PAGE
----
The two Volkswagen based formulae are still balanced precariously on a knife handle, if not actually on a knife edge. So popular on the continent, where they are cheap but intensely competitive substitutes for F3 and FF, Formula Super Vee and Formula Vee have no essential place in the British motor racing set-up. Although they represent very good value for money in performance terms at their respective levels, they have no obvious slot to fit into here, and because of this have never really got off the ground. Indeed, Formula Vee appears to be slipping slowly downhill at present, with small grids and little new blood to enliven them. Brian Urlwin was an easy winner of the championship, and other leading names like Peter Wimhurst and Malcolm Horwood will be familiar to Vee fans of long standing. FSV was rather better, with more cars than before and a wider variety of makes. Perhaps Tom Pryce's rise to fame will encourage more people to try what has so far been a white elephant, its life hanging by a thread bairly strong enough to support it. The VW Silver Cup series offers good prize money, although a fuller program of events might help. Chris Barnett came out champion in a Royale, but Bruce Venn, Olly Hollamby, Ron Grant, Mark Litchfield and others made sure he worked for his living.
The British series ran for 10 years, finally being dropped due to lack of support at the beginning of 1982.
A VW-backed European Championship existed for some years and in the early 1970s attracted grids in the high 20s.
In 1975 two European-wide series were promoted, the Castrol GTX Trophy and the more important, and lucrative, Volkswagen Gold Cup.
By the early 80s the "European" championship was largely German-based and there was concern when VW withdrew their support at the end of 1982 to concentrate in building Formula Three engines. Germany also had a national Super Vee championship, and in 1982 Austrian Walter Lechner won both the European and German national championships. Indeed, support for Super Vee in Continental Europe generally exceeded the interest generated in Britain, were the formula never really flourished.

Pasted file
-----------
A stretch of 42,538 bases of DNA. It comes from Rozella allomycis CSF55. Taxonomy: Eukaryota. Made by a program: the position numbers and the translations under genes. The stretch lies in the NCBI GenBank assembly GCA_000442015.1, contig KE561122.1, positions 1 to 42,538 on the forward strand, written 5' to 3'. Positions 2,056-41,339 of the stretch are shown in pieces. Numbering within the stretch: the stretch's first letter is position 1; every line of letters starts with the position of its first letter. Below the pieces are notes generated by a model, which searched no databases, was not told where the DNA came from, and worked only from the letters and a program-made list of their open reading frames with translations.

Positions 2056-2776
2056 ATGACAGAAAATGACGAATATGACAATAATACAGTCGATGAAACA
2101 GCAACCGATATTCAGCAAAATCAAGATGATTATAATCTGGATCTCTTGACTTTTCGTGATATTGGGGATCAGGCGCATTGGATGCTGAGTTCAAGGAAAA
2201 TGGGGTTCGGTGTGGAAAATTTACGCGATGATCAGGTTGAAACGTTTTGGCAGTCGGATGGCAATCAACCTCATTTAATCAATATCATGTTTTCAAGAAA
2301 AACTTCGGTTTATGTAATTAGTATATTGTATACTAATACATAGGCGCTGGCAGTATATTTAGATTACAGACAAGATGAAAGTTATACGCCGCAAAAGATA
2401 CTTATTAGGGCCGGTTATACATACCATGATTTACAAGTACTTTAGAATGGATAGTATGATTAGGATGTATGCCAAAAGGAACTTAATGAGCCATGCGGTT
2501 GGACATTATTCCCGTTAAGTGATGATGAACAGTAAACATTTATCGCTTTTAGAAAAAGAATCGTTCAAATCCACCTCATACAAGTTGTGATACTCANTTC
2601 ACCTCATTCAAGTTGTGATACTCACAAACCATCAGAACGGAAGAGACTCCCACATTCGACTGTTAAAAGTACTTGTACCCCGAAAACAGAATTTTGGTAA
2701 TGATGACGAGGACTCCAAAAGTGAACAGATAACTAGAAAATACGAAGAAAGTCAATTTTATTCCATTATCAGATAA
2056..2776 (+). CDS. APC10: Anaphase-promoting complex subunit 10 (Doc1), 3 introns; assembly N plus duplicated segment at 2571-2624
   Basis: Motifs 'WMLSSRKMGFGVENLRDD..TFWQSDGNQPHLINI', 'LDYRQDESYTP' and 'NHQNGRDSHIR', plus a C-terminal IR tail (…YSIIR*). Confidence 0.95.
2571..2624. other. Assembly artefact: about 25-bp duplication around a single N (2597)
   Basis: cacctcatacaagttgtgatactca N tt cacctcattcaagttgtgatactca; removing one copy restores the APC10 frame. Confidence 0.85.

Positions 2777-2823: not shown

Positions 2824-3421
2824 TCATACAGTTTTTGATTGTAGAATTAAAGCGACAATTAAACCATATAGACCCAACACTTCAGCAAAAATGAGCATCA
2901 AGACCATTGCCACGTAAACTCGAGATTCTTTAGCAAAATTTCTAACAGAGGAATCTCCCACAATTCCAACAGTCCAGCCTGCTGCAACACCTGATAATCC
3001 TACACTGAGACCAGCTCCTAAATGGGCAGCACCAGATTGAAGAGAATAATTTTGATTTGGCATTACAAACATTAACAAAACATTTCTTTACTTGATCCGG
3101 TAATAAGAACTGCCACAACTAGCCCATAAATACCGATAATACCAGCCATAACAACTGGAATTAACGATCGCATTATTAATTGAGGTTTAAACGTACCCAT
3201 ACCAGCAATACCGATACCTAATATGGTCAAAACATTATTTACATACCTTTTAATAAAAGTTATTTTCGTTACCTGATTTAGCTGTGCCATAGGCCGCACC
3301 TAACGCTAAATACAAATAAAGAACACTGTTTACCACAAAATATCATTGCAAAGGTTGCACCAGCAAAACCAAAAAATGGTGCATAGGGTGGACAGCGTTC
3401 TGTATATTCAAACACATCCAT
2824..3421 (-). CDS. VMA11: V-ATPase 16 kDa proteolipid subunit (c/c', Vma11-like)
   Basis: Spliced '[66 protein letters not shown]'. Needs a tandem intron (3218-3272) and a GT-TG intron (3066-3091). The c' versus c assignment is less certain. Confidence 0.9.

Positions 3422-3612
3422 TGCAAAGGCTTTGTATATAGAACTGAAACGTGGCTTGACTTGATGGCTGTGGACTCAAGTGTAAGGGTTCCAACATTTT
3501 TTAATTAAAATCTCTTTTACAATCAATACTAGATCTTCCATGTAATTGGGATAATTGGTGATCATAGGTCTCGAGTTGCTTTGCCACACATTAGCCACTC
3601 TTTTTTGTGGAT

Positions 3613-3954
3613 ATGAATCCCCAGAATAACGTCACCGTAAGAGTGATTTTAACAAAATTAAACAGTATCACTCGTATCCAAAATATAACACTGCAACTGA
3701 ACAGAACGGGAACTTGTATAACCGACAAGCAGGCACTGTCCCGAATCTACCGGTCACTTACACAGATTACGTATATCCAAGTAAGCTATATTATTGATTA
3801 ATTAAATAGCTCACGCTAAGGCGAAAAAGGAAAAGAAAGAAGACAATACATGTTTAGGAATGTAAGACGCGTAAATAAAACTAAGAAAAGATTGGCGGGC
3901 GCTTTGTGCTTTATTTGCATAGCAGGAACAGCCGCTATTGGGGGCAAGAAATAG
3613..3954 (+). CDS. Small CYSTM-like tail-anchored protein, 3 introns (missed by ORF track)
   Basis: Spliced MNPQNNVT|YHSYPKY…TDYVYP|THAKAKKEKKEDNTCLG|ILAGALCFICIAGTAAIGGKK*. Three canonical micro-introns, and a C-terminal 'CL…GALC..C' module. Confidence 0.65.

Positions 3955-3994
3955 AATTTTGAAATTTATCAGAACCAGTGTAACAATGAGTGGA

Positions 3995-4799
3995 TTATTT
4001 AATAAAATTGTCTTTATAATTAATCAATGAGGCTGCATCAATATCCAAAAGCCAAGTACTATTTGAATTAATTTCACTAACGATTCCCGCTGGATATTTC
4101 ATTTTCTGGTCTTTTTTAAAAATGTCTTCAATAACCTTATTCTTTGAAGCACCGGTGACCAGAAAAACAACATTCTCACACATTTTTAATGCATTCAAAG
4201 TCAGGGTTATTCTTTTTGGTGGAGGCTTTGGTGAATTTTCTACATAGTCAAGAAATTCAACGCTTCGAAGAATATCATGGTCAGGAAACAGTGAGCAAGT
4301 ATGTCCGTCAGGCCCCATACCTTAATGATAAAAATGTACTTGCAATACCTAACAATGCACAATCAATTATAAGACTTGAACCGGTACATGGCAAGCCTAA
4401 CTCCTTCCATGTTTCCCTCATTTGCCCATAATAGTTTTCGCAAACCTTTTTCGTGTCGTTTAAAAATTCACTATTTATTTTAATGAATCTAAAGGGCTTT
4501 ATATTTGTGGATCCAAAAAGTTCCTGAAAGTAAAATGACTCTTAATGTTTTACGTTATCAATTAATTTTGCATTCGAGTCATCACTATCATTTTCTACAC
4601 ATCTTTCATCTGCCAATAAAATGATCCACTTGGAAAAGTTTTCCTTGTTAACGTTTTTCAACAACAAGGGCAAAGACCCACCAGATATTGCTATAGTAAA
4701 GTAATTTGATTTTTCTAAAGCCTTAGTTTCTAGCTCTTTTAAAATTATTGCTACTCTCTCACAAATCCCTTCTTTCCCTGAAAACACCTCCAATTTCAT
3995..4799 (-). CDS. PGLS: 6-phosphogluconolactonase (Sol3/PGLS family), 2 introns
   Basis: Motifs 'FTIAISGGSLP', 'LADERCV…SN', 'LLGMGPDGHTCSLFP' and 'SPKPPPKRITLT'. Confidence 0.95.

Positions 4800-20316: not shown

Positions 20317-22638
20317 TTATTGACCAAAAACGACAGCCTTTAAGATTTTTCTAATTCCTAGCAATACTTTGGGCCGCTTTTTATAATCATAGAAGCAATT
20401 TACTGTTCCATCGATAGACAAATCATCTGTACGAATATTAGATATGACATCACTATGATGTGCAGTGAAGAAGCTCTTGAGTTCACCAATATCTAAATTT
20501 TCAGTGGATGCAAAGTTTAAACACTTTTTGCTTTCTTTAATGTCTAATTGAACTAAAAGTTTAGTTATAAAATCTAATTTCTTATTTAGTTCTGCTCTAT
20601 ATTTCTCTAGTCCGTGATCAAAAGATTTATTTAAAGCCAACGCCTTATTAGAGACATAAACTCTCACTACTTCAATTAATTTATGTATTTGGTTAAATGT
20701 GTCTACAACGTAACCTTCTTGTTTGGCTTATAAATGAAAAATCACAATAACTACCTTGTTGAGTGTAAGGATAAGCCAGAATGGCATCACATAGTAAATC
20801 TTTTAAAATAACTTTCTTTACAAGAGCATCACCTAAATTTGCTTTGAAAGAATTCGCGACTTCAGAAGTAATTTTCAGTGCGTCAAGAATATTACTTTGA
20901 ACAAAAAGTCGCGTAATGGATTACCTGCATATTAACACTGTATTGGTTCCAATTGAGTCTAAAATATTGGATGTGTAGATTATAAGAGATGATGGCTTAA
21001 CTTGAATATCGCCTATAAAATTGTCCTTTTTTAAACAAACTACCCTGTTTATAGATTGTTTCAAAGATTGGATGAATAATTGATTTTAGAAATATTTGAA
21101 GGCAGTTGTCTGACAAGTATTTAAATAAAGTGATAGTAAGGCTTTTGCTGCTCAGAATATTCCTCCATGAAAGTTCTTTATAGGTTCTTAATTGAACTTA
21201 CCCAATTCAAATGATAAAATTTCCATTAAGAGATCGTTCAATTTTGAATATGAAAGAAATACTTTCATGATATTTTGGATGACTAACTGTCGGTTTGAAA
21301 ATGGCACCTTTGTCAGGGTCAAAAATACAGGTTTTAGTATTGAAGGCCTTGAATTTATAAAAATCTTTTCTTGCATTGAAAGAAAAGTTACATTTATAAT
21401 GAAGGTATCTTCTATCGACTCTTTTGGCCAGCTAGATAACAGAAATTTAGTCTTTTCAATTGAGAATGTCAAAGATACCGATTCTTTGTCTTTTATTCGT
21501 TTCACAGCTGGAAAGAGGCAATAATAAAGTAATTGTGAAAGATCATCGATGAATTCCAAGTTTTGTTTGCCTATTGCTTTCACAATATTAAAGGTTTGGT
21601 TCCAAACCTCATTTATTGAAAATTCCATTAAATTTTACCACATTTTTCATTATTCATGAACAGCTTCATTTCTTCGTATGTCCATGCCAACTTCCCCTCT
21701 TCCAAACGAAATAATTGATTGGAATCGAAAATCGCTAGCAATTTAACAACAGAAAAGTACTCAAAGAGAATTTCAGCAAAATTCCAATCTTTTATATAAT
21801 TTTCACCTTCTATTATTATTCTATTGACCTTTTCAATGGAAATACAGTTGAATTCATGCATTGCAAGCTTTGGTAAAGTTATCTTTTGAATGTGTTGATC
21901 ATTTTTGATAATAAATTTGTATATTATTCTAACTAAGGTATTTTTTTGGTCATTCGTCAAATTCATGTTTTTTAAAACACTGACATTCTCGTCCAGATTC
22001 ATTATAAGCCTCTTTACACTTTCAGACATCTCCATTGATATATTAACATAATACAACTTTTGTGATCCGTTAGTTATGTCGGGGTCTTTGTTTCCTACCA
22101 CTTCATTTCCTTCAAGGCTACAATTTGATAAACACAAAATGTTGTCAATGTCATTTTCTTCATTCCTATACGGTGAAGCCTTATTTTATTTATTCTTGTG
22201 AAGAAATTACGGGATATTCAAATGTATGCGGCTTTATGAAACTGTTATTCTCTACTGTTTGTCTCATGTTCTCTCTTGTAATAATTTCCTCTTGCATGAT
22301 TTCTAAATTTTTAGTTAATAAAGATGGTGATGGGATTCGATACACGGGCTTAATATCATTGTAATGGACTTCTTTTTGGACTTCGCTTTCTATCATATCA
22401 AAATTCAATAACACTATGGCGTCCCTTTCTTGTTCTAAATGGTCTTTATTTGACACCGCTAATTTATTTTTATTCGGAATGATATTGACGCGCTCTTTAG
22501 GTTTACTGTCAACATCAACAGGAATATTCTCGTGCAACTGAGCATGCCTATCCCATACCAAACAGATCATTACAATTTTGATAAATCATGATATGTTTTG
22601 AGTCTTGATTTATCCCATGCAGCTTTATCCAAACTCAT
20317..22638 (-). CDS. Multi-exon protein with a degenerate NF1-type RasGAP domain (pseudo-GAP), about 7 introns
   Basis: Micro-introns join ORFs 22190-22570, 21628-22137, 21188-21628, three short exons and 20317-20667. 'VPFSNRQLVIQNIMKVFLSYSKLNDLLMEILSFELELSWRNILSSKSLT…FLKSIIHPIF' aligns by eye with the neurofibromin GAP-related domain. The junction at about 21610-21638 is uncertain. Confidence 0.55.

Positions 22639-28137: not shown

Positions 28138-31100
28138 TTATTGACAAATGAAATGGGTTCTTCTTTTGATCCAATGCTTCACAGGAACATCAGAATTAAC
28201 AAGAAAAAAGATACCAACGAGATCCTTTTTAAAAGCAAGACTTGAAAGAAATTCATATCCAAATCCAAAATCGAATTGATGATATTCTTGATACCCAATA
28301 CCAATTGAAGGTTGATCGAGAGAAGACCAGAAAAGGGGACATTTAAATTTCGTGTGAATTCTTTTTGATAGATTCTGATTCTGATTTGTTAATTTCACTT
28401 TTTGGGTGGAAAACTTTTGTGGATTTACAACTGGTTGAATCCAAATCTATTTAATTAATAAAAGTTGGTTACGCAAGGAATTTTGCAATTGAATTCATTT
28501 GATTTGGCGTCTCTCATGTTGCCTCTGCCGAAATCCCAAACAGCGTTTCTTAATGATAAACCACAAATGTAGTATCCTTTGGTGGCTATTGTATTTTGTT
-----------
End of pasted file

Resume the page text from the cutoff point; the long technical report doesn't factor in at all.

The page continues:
Super Vees also ran in Austria, although they appeared to run in mixed grid races (at least in 1982) together with Formula 2 and Formula Ford.
With the demise of Formula Super Vee in Europe, the cars often found homes in grasstrack racing and oval racing.
In the mid-1970s Super Vee was the pre-eminent formula in Brazil, with two championship series being held during 1975. Fields of around 50 cars, and a prize fund of £10,000 at some races, were being reported (Motoring News Oct 23 1975).
I am grateful to Tony Kaye (firstname.lastname@example.org) for the following excellent contribution to the Brazilian Super Vee story:
Formula Super Vee began in Brazil in competition with a well established and successful Formula Ford series. Fortunately Brazil had long been one of Volkswagen's key markets, which ensured that the Company would provide financial support for the fledgling series. Additionally, the presence of a local production plant meant that spare parts would be immediately available over the counter and without the otherwise unavoidable delays of air freight from Germany.
The first race took place on 15th of September 1974 at the Goiania circuit. The formula was immediately successful and by the end of the year six events had been held, each one consisting of three heats and a final. More than 20 drivers had taken part with six different chassis (Polar, Magnum-Kaimann, Heve, Lonex-Newcar, Manta and Mueller). All of them were designed and constructed in Brazil, except for the Magnum-Kaimann, which was built locally, but under license to the Austrian company. The Polar, which was designed alliteratively by Ronald Rossi in Rio, was the only monocoque chassis.
Marcos Troncon in a Polar won twice at Interlagos and was the first champion by a single point over Francisco Lameirao. Polar was also the champion constructor. Ingo Hoffman, who flirted with Formula 1 in 1976 and 1977, was third, but more significantly a young man by the name of Nelson Piquet (it was spelled Piket in those days) finished fourth, winning the penultimate round at Cascarel.